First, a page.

CPSIA on Thursday: A fine hearing, with one witness…

by Walter Olson on September 8, 2009

YMGcandlestick2A fine hearing/My friends, this is… Rep. Waxman’s plan for a dissent-free panel this Thursday (Sept. 10) is to call as the only witness CPSC chair Inez Tenenbaum, to talk up the merits of the law and her efforts as new steward of the agency. It’s not as if the law’s controversial or anything! The Handmade Toy Alliance wonders whether he’ll get away with it.

PUBLIC DOMAIN IMAGE from Benjamin Cobb, Yankee Mother Goose (Ella Brison, illustrator), courtesy ChildrensLibrary.org.

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CPSIA chronicles, September 12
09.12.09 at 9:27 pm

{ 3 comments }

1 Bob Lipton 09.08.09 at 3:36 pm

Doubtless the law as constituted shows major lacks. A much larger budget is needed.

Bob

2 David Eggers 09.08.09 at 4:07 pm

I used to think that the whole ban on rhinestones on children’s clothes was pretty dumb. However, after watching “Toddlers and Tiaras” on TLC I’m not so sure anymore.

3 Michael 09.09.09 at 2:40 pm

While I am elated to finally hear that a hearing is being held to discuss CPSIA, I am speechless with anger that not one single small business that has struggled with this disconnected attempt at further protecting our children has been called forward to testify. The small company that I preside over (66 employees) has served the educational manipulatives marketplace for decades with an exemplary safety record. With this legislation, our ability to continue in business is in jeopardy, not because our products are unsafe but because low volume, low value products cannot support the unnecessary testing and reporting requirements that CPSIA requires. While I appreciate that Congressional and Commission members may come from all walks of life to serve, not one person at this hearing will have sufficient experience with the unnecessary burdens CPSIA places on SMALL business to provide any level of meaningful exploration and dialog during this hearing.

There are so many problems created by this law that one hardly knows where to begin. Perhaps the overly broad definition of “children’s products”, a definition which ensnares many products incapable of harming children from lead or phthalates would be a place to start. Maybe they could dwell on the neutering of the CPSC’s ability to apply risk assessment methodologies to ferret out those products that could actually cause harm from those that cannot conceivably cause harm. Or maybe they should consider the so called exemption process under the law, a process that between excessive requirements, limited scope and astronomical expense on a per product basis is completely beyond the reach of any entity not in a trade group representing homogenous products.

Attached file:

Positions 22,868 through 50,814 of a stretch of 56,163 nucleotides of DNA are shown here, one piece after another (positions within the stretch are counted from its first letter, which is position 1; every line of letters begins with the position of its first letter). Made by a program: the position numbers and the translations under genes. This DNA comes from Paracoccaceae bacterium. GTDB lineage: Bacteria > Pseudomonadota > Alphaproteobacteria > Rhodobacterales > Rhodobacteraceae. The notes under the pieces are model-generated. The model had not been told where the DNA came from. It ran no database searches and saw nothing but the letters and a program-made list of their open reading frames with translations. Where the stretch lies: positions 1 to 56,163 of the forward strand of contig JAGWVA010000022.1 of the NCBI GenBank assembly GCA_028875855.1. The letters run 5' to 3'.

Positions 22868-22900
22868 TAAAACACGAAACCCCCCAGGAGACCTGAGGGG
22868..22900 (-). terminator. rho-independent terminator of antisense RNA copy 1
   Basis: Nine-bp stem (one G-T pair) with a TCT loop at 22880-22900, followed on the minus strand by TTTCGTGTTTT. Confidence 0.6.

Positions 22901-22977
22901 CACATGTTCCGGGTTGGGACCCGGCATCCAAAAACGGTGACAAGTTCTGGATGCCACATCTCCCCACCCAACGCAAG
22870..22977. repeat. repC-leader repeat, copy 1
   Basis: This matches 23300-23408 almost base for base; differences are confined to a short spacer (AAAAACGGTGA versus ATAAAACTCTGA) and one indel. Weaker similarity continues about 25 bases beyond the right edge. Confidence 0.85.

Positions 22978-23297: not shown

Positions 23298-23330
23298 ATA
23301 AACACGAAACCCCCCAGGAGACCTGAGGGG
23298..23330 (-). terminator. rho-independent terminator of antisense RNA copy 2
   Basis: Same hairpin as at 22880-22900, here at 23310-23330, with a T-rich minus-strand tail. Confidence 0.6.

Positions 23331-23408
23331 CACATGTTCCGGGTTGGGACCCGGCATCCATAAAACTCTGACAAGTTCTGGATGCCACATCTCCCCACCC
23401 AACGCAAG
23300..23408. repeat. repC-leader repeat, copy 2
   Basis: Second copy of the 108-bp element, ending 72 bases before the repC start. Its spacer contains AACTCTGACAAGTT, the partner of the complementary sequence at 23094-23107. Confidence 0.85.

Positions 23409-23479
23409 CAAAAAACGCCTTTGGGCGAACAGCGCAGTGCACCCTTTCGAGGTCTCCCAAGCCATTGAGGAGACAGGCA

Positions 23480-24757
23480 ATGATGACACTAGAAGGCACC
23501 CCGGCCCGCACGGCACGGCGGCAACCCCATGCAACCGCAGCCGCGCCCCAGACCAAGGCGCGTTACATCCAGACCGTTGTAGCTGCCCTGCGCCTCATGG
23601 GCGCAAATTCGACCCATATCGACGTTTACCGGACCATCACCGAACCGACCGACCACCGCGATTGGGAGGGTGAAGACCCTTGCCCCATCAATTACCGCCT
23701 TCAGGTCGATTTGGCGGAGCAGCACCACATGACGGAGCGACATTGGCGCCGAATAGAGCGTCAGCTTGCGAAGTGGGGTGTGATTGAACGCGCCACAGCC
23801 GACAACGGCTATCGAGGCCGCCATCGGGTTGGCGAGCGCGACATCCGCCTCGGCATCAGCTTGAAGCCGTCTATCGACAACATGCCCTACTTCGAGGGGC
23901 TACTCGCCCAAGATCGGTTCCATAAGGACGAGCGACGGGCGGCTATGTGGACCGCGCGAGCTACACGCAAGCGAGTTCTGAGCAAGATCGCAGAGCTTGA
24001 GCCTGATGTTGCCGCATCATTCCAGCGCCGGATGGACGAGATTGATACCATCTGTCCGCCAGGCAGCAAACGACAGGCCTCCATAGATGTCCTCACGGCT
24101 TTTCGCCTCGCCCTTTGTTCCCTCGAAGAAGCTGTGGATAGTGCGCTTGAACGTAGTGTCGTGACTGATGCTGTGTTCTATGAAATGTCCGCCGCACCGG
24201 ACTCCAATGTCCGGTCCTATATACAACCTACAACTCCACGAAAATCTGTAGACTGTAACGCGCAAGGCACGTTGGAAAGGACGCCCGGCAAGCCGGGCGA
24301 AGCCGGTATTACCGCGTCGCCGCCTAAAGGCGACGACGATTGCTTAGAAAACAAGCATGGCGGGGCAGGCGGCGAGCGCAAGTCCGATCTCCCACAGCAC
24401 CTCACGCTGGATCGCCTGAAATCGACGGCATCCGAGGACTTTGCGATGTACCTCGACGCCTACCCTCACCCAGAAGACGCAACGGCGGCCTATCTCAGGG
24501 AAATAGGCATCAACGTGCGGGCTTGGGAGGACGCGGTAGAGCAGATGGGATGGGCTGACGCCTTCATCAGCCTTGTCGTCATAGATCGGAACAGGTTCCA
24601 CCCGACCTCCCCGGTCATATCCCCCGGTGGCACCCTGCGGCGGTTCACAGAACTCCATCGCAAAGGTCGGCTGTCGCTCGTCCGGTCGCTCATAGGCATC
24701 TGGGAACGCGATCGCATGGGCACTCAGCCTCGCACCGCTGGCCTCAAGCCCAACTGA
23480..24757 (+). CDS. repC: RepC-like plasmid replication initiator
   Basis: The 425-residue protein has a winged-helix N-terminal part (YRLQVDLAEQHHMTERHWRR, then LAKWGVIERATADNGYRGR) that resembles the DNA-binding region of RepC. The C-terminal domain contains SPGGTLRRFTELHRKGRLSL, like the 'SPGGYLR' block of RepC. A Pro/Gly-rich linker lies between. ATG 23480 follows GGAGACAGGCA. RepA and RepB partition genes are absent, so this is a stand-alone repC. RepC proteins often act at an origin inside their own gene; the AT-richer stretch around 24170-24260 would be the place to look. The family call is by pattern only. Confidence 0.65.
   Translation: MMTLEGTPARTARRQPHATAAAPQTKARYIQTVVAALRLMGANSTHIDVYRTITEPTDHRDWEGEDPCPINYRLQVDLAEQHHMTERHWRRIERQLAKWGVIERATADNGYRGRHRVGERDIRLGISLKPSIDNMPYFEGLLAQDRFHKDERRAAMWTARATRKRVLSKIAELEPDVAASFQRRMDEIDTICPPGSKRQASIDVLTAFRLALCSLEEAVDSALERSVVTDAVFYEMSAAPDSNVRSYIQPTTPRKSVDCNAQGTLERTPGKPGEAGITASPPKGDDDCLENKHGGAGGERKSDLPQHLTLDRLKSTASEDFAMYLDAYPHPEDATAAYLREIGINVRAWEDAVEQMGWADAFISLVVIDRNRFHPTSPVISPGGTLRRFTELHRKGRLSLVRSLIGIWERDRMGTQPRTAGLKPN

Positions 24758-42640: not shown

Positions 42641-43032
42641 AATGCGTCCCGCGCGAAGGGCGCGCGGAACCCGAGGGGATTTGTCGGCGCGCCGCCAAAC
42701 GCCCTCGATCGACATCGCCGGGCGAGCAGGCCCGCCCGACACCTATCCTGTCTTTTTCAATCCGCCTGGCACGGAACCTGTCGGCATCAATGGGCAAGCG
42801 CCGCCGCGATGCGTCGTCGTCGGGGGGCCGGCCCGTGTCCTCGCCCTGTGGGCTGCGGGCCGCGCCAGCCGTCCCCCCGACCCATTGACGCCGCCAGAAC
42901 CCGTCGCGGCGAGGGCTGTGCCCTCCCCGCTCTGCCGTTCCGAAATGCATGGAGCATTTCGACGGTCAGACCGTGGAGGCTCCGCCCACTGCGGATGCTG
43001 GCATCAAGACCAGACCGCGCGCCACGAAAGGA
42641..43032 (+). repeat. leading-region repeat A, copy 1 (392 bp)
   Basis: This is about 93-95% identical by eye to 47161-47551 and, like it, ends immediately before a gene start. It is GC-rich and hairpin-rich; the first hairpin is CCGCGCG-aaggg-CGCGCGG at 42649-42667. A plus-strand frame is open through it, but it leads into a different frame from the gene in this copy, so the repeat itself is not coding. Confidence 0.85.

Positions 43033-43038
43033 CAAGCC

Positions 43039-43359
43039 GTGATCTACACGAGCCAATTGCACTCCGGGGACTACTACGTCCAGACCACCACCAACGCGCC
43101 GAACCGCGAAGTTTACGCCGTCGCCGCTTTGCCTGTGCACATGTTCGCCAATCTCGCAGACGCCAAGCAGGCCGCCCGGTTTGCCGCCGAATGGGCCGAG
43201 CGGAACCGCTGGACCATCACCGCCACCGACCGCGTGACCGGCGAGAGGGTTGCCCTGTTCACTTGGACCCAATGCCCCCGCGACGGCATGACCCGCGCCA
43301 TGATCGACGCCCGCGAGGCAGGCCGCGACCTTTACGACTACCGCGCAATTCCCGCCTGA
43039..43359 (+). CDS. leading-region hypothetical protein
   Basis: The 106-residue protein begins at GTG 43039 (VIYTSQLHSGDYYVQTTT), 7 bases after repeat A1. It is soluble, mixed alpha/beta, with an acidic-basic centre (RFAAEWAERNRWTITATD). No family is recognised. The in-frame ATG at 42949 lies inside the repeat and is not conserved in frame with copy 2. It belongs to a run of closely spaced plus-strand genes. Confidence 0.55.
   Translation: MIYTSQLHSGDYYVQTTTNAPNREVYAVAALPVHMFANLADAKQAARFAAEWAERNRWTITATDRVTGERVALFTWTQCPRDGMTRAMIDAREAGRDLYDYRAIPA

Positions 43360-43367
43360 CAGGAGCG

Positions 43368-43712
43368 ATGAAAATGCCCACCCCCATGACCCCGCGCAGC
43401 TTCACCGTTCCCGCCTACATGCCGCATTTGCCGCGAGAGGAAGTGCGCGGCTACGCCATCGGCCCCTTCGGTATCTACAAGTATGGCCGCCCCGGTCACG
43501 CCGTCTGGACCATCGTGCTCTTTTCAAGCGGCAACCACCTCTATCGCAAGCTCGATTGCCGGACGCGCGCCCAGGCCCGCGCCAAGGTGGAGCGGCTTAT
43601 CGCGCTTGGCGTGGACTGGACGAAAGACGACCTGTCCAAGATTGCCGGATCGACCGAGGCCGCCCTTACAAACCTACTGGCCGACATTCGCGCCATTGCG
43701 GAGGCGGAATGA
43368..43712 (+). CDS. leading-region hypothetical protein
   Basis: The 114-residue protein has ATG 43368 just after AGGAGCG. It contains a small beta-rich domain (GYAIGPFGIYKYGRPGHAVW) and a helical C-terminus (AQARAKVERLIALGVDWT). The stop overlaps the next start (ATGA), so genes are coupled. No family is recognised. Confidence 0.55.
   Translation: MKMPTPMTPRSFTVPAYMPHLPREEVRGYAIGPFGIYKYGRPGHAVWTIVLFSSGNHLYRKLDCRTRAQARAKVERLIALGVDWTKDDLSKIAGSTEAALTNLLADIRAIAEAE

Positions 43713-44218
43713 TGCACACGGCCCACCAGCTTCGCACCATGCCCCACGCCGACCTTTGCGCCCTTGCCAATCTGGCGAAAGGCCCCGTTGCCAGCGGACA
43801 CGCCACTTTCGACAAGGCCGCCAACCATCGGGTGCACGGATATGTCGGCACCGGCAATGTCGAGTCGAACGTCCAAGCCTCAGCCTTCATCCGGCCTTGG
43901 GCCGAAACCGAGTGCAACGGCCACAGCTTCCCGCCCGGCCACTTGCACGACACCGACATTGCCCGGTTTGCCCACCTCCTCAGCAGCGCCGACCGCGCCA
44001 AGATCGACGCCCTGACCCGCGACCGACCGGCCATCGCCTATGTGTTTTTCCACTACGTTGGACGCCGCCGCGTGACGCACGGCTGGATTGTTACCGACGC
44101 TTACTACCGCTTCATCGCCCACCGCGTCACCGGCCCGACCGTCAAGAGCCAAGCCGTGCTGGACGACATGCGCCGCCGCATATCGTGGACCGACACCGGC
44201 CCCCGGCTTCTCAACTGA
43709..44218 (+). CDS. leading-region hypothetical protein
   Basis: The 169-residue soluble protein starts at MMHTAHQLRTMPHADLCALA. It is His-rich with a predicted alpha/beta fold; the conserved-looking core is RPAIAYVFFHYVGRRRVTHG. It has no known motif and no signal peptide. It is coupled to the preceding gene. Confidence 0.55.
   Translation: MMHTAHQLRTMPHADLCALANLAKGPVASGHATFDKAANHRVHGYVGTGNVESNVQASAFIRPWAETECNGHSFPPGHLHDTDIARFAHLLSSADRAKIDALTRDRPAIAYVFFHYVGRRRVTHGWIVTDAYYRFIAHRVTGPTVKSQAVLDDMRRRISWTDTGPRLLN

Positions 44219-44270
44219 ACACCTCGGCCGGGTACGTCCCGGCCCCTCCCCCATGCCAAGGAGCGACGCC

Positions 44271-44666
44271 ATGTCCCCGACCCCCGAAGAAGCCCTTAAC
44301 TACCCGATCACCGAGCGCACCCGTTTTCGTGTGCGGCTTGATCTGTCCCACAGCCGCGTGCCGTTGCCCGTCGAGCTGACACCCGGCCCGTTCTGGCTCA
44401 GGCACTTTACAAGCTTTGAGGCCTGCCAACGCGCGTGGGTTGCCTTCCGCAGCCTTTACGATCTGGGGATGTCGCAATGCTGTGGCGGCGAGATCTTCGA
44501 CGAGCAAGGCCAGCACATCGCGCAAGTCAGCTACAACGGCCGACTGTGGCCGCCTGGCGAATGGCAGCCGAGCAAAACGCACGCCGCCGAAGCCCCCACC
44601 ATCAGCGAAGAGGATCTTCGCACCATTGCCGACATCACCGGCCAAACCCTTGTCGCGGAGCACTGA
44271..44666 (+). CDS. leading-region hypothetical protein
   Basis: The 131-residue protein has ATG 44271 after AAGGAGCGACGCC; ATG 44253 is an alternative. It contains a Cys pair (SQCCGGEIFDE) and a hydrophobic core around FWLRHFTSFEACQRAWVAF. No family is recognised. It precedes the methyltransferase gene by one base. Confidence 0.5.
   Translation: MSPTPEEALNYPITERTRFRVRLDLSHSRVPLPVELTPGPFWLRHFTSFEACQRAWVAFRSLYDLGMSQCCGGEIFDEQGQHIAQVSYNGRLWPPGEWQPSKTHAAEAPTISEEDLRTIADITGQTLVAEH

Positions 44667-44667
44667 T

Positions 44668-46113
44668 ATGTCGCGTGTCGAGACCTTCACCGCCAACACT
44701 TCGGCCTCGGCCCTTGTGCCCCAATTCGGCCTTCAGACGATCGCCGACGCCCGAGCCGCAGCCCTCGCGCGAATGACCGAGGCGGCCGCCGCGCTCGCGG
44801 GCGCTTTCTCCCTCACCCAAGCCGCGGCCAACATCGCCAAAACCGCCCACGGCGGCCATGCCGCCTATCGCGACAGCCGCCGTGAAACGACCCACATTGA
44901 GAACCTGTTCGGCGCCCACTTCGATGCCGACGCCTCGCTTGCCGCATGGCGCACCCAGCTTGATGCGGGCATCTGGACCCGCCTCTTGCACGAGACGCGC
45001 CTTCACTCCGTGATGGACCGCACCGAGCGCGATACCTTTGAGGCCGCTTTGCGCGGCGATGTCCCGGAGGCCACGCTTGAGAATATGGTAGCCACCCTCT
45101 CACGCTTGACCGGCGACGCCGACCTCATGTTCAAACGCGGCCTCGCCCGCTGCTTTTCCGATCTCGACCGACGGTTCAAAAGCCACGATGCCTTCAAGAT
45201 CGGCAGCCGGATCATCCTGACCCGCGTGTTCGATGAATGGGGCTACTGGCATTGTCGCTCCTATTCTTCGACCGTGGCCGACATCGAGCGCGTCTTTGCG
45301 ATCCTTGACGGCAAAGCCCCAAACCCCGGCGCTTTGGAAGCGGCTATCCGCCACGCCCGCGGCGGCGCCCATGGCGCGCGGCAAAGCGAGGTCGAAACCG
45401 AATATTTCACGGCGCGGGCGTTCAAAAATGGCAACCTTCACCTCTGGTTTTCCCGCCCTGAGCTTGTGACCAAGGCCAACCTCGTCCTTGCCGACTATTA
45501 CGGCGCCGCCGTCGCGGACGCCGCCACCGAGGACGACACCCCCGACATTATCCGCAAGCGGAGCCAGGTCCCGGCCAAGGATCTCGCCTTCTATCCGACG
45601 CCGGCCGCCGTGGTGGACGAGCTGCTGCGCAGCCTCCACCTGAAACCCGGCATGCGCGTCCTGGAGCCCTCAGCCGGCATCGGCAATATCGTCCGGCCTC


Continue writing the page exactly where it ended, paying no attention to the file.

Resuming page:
Continuing, perhaps they could begin with the punitive and retroactive application of requirements on existing inventory, or the fact that there still is no reliable method to screen products for lead in paint – not even with an XRF scanner or the fact that there are no accredited third party labs available to test for phthalates – a fact that forces the same product from the same inventory to be tested twice, once for lead and lead in paint and again before February 2010 for phthalates. Or maybe the punitive penalties and the fear that those penalties generate for any final distributor should be discussed. Would anyone carry a product that generates less than $100,000 a year in profit (the current fine) if there was any chance whatsoever that one of 51 state or federal entities could prosecute you should that product somehow exceed limits on lead and phthalates regardless of the rigorous testing that says it doesn’t? Would anyone risk going to prison for 5 years for something they sell $500 a year of? That reality alone will lead to the disappearance of thousands of products from the marketplace. Many of these products help the disadvantaged to participate in society, they allow the crafter to stay out of poverty, and the profits they generate feed, cloth and educate the children of the people who create the products. Real harm is being done to those children right now because of CPSIA.

This law was written with only mass produced and mass marketed products in mind – everyone lives and understands the big box, retail world. The testing requirements, the reporting requirements and the penalties all speak to individual products that sell in the hundreds of thousands of dollars a year. The group meeting in this hearing has already heard from that group when the law was written. The fact that ‘firewalled’ labs were provided for and that one rather large company now has six of them is direct proof that large business has had a say. When will small businesses have a chance to air its issues and concerns? When will Congress and the Administration ACT to correct the issues created by CPSIA, issues that are actually harming children right now? I implore Waxman to open the legislative process up as soon as possible to the small business community. Its members deserve representation too, the users of its products deserve to have those products continue to be available in the marketplace and its employees and their children deserve to be kept safe from hunger, cold, and ignorance – the hallmarks of the poverty that CPSIA is having on real people, right now.

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